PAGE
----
These humane provisions in a code of laws adopted in the most important Slaveholding State in the Union—a State which contributes millions of dollars annually to the exports of the country, produced by slave labor—afford the most cheering signs of the progress of the public sentiment; and it is not to be doubted that the benign influence of Christian principle will yet achieve a complete triumph over that dark and hideous selfishness, which has, in some instances, shocked the moral sense of mankind, by ignoring the claims of the African race to be considered as human beings, with human hearts beating within their dusky bosoms.
There is yet another feature which is not to be overlooked in estimating the state of the slave question, as it stands out to-day before the civilized world. The crowded slave population in most of the Southern States, suggests to thoughtful minds the importance of protecting these States from a further increase of that population by importation. The introduction of slaves from abroad for sale, has more than once been prohibited by Legislative enactments in several of the slaveholding States, and it will in time become the settled policy of them all.
This will, of course, effectually break up the internal slave trade; and it is the only mode in which it can be broken up. For we insist that this whole subject must be left to the undisturbed jurisdiction of the Slaveholding States; they comprehend it; they are profoundly interested in it, and they will deal with it in a spirit at once enlightened and philanthropic. To the eye of the calm observer of human events, as they are occurring in the United States, it is quite plain that a most favorable change is going on in the whole country—at the North and at the South—everywhere, in the manner of treating the questions respecting Slavery. The mercenary spirit is no longer ascendant; and while it would be too much to say that its power is altogether broken, it may be very safely said that it is more than ever heretofore restrained and modified by moral considerations. The whole traffic, we freely admit, from the day when the first slave ship turned its prow from the Coast of Africa, freighted with the unhappy beings destined to exile and servitude, to this day, when gangs of their doomed descendants, bought up like cattle and exposed in the shambles where lust and avarice may come to drive their bargains,—the whole traffic is revolting. It originated under the influence of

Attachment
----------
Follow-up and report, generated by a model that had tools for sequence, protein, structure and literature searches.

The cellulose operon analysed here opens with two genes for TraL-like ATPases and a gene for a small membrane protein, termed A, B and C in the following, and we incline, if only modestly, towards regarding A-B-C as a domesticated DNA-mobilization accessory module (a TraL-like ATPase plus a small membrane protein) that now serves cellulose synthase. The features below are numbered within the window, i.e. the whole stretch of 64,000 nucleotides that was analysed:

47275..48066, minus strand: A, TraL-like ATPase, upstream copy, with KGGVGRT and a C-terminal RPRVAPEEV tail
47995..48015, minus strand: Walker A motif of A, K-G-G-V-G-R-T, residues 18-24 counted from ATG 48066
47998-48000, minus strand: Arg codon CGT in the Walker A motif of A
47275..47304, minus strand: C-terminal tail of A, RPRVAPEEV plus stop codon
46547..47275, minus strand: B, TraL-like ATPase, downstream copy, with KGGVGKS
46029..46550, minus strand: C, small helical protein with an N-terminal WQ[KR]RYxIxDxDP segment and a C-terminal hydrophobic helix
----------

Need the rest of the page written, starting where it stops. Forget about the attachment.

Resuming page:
"Mammon, the least erected spirit that fell from heaven,"
and it still feels the impulse which he gave it; but the slave trade of the year of grace eighteen hundred and fifty-three is divested of much of its horror, because the blaze of noonday surrounds it, and its former abuses would no longer be tolerated. The chains, the fetters, and all the instruments of cruelty have disappeared. Such scenes as Mrs. STOWE describes: the putting irons on Uncle Tom, the sale of an infant from its mother’s arms, the cruel disregard of the entreaties of a mother, not to be separated from her daughter in the one instance, and her boy in the other; the whole Mississippi steamboat picture, the slave mart in New-Orleans, we do not believe are to be witnessed. They are powerful sketches, but we do not think them truthful. Yet we hope that they will result in good. Let the imagination have fair play in describing the slave trade; dip the pencil which traces the forms of the victims in the darkest colors; spread the canvas before the eyes of the whole world; bring down upon the traffic the thunders of human indignation, and you will yet not offend the sentiment of the Southern people. Scorn and loathing would nowhere in all the world look out from human countenances more witheringly upon such men as Haly, Tom Loker and Marks, than in the Southern States of the Union. Nor would a prompt sympathy be excited in behalf of the slave suffering from cruel treatment, from hunger, disease or nakedness, or from the disruption of natural ties, anywhere so soon as under the skies where the cotton-plant grows, and where the songs of cheerful labor greet the ear of the traveler, as he pursues his journey amid the almost tropical verdure of Southern plantations.